Getting Pregnant and Assisted Reproductive Technology (ART): Intracytoplasmic Sperm Injection (ICSI)
One assisted reproductive technology (ART) option that is also being used for couples having difficulty getting pregnant is intracytoplasmic sperm injection (ICSI). This ART procedure can be effective in treating infertility, specifically male infertility, and as such remains the most popular male infertility treatment. But what is the success rate of ICSI and what is involved in the ICSI fertility procedure? Also, what are some of the risks associated with ICSI and are there any birth defects associated with ICSI?
What is ICSI?
Intracytoplasmic sperm injection (ICSI) is a procedure in which microscopic manipulation technology is used in order to retrieve sperm directly from the testicles. In cases where it is possible, the male alternatively provides a semen sample.
ICSI is always paired with in vitro fertilisation (IVF), in which the woman is given medication so as to stimulate ovulation as well as the development of the egg follicles. The mature eggs are then retrieved and fertilized using her partnerï¿½s sperm.
During ICSI, a single sperm is retrieved using a needle; the sperm is then injected into a harvested egg. As in the process of natural fertilization, the egg reseals itself after the needle is withdrawn. The egg is then allowed to develop for a period of a few days prior to its transfer back into the uterus.
Types of Fertility Problems ICSI Helps to Treat
ICSI helps to treat a variety of male fertility problems, including the following:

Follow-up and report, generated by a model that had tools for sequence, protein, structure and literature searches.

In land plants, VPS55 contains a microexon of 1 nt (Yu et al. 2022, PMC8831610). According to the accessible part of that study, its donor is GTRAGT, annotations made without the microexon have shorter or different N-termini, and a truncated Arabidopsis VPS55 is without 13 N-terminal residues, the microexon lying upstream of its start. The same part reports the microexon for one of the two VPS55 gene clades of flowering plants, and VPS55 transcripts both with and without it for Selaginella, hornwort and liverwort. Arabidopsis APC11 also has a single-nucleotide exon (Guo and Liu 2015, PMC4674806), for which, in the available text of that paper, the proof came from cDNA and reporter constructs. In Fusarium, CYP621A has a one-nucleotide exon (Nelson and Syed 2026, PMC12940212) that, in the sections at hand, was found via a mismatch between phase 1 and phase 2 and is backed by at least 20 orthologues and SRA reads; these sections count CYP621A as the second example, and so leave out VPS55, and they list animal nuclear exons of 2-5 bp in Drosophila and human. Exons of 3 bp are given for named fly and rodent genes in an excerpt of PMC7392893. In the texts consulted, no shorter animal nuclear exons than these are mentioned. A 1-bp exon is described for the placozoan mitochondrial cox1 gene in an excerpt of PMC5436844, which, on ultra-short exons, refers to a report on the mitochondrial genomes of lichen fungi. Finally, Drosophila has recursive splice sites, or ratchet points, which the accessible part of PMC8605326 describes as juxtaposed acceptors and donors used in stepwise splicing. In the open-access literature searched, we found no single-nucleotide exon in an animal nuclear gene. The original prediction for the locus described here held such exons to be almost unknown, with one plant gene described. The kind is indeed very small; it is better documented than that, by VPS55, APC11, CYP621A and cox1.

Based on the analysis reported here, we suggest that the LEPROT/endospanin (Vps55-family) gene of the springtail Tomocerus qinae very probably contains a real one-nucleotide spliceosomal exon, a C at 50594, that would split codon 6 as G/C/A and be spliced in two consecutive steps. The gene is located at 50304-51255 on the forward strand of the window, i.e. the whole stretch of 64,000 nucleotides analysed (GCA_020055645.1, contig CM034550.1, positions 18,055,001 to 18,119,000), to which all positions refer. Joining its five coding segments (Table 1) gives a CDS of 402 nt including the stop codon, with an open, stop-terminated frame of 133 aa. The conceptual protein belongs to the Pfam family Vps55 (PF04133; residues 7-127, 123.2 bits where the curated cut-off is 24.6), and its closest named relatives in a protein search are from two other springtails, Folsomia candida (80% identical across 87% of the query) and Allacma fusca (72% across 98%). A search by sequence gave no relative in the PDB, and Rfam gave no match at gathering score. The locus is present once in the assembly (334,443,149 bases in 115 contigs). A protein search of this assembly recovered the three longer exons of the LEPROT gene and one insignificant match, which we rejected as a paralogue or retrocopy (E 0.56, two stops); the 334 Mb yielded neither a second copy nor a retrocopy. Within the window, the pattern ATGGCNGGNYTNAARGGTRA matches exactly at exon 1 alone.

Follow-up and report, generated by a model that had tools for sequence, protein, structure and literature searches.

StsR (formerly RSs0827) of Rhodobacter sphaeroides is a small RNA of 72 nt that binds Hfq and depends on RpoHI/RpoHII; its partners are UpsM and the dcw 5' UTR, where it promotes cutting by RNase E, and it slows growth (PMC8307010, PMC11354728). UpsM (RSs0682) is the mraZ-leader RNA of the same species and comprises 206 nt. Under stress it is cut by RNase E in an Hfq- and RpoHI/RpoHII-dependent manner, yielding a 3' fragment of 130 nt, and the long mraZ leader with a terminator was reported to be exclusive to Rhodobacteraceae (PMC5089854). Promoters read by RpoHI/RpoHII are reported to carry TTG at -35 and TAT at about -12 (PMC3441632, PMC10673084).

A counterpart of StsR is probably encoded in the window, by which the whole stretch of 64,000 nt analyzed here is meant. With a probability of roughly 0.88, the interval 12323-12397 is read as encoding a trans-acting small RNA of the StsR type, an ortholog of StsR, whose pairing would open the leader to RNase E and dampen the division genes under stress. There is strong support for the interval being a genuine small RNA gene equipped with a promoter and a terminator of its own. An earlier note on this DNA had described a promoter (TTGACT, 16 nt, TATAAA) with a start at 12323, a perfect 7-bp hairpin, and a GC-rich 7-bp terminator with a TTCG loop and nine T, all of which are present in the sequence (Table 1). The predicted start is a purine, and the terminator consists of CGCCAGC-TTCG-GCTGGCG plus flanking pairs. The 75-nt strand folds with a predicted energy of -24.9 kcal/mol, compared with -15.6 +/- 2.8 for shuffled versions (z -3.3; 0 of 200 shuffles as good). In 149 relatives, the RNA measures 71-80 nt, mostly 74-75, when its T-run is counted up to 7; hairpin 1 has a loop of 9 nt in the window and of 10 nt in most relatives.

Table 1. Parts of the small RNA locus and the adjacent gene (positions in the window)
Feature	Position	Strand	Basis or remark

- low sperm count
- low sperm motility
- total absence of sperm in the semen
- damaged or absent vas deferens
- irreversible vasectomy
- other conditions that prevent the fertilisation of the egg
Success Rate of ICSI
While intracytoplasmic sperm injection is currently the most successful form of male infertility treatment, its rate of effectiveness depends on the quality of the sperm. On average, the fertility success rate associated with ICSI is 60% to 70%, a range that reflects the variability in sperm quality.
Also, even in cases when the fertilized egg develops properly and is successfully re-transferred into the uterus, successful implantation is not guaranteed.
On average, ICSI results in a 20% to 25% chance of live birth.
Risks of ICSI
There are certain disadvantages associated with intracytoplasmic sperm injection. One such ICSI risk is that this ART procedure is relatively new, which might mean an increased risk of developmental or physical problems in children.
Also, ICSI uses any sperm to fertilize the egg as opposed to the strongest sperm, which means that it is possible for congenital defects to be passed on at a higher rate. As such, it is advised that couples with a history of genetic disease or disorders or with a family that has a history of genetic disease or disorders consult their doctor.
Because ICSI is performed in conjunction with IVF, there is a greater risk of ectopic pregnancy, as well as multiple pregnancies.
The Costs of ICSI
Like in vitro fertilisation, intracytoplasmic sperm injection is an expensive ART procedure. On average, the costs associated with ICSI can range from $10 000 to $17 000.
Visit our forum to talk to others undergoing an ICSI treatment.